Beginning in February 2019 and through the next 12 months of implementation, Graduating to Resilience Activity will provide consumption support in the form of monthly cash transfers through a mobile money provider to 6,629 households in the three intervention groups including both refugee and host community participants. The transfer is intended to help households meet their basic food and dietary needs (consumption smoothing). Central to the Activity’s Theory of Change, consumption support will ensure basic needs including food security are metso that households can experience the stabilization needed to engage in other activities.
By using a cash-based modality, rather than in-kind or direct food support, participants are empowered to establish their own priorities, make choices, and procure what they need most for their families when they need it. Steady consumption support over twelve months will afford stability during lean seasons and predictability of the extra income to invest in household expenses, such as school fees.
To calculate the amount given to each HH, the Activity considered several factors, such as:
Given the explicit focus on ensuring food security and adequate nutrition, the Activity decided to determine the amount of money that would allow a HH to meet its minimum food needs per month, based on real price information compared with an objective baseline analysis of HH expenditure.
Innovations for Poverty Action (IPA), the external evaluation partner of the Activity, had gathered consumption values for food items (expressed in 2018 Ugandan Shillings (UGX) in Exhibit 1) from 1,111 beneficiary households (589 host community and 522 refugee), and the overall breakdown by selected quintilesturned out to be as follows:
“p10”, “p25”, “p50” mean the 10thpercentile, 25thpercentile and 50thpercentile of the distribution for the consumption values, for both refugees and host.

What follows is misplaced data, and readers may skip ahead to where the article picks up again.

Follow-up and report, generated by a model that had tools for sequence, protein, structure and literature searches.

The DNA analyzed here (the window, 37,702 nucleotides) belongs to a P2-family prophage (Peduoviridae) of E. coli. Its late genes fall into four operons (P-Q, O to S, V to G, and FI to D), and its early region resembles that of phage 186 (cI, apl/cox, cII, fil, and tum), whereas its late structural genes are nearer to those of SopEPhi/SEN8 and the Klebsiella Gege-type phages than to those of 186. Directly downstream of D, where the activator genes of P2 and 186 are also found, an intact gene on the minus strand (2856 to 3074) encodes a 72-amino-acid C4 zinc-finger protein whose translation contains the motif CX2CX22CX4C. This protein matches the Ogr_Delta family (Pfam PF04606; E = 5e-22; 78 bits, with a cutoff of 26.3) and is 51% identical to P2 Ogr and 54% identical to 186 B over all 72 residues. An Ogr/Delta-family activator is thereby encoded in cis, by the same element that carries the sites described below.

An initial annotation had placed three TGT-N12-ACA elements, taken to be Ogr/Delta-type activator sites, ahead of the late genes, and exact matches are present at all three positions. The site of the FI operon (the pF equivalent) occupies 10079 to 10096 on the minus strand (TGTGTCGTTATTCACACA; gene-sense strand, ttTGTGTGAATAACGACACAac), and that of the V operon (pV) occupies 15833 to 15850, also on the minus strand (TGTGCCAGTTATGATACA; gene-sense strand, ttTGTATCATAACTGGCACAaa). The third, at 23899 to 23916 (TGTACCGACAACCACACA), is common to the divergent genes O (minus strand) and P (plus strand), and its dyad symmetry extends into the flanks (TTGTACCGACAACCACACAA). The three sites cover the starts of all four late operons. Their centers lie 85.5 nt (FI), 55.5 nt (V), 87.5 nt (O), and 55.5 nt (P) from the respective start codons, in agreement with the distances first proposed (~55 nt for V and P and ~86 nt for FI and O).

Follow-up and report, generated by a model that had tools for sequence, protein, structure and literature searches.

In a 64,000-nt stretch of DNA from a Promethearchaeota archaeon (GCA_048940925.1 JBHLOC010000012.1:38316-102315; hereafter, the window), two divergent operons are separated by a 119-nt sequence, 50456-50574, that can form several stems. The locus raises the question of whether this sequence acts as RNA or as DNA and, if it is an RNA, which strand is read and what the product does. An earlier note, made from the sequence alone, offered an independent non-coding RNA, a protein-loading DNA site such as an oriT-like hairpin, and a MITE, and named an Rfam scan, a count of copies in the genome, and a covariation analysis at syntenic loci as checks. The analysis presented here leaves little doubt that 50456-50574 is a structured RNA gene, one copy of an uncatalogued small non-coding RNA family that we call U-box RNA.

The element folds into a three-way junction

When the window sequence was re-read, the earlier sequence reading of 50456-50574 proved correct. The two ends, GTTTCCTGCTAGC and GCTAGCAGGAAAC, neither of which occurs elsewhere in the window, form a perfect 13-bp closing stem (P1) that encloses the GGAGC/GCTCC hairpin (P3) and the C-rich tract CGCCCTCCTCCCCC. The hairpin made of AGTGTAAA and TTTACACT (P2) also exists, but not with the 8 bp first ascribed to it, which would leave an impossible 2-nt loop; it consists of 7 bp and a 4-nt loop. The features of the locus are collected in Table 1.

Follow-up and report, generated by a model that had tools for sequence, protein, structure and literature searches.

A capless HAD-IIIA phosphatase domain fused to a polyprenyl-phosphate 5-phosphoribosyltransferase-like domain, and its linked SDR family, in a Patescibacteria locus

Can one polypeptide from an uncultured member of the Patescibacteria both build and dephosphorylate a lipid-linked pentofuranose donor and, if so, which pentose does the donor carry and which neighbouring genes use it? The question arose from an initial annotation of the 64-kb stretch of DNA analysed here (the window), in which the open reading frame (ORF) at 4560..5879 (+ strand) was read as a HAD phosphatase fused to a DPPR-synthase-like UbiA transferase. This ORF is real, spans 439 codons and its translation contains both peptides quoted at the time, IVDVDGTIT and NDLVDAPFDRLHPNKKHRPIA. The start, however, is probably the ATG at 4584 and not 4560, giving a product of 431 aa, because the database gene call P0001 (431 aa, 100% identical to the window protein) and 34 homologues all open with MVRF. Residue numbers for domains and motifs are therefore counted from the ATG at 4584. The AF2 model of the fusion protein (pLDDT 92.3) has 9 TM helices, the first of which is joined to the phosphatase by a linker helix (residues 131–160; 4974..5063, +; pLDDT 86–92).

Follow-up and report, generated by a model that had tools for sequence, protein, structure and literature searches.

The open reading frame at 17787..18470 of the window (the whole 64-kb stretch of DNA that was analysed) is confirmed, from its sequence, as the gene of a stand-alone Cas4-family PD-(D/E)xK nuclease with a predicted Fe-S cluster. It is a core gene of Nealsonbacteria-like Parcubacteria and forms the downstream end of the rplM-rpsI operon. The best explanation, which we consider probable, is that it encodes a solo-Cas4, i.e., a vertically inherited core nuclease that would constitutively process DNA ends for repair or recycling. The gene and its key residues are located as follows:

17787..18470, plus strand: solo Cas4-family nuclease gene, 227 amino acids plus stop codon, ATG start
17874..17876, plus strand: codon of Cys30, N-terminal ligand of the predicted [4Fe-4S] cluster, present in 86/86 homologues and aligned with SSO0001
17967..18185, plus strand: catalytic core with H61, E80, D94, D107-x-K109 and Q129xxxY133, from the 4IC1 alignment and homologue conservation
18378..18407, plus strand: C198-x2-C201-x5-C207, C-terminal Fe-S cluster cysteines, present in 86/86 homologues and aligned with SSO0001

Exhibit 1: All Food Consumed, 2018 UGX, per person/day
As previously mentioned, UNHCR and WFP determined that 31,000UGX/person/month was sufficient to guarantee a 2,100Kcal per person per day diet. Taking into account daily food consumption in Exhibit 1, we calculated the Food Gap by subtracting the totals from the 1,033UGX/person/day target calculated by UNHCR and WFP as seen in Exhibit 2.
Exhibit 2: Food Gap, 2018 UGX, per person/day
When calculating food needs on a monthly basis the Food Gap per person per day was then multiplied by 30 (days). Exhibit 3 shows that the 10thpercentile (p10) of the host community had a gap of 14,775 UGX and the 25thpercentile (p25) experienced a gap of 6,704 UGX. In the refugee community the 10thpercentile is experiencing a food gap of 17,813 UGX while the 25thpercentile is experiencing a Food Gap of 10,013 UGX. The 50thpercentile (p50) of both communities is experiencing a food surplus.
Exhibit 3: Food Gap, 2018 UGX, per person/month
In addition to considering the intended outcomes of consumption support and analysis of the food gap, the final factor was available budget. The Activity decided to provide consumption support amounts based on the food gap of the 10thpercentile of the population, thus skewing resources towards the lower, more disadvantaged end of the spectrum. The Activity also decided to provide different consumption support amounts to the host and refugee communities based on the contextual Food Gap analysis and to round up the values. As a result, the Activity will provide beneficiary households 15,000 UGX per person per month in the host community and 18,000 UGX per person per month in the refugee community to help meet the basic food and dietary needs for the first 12 months of implementation.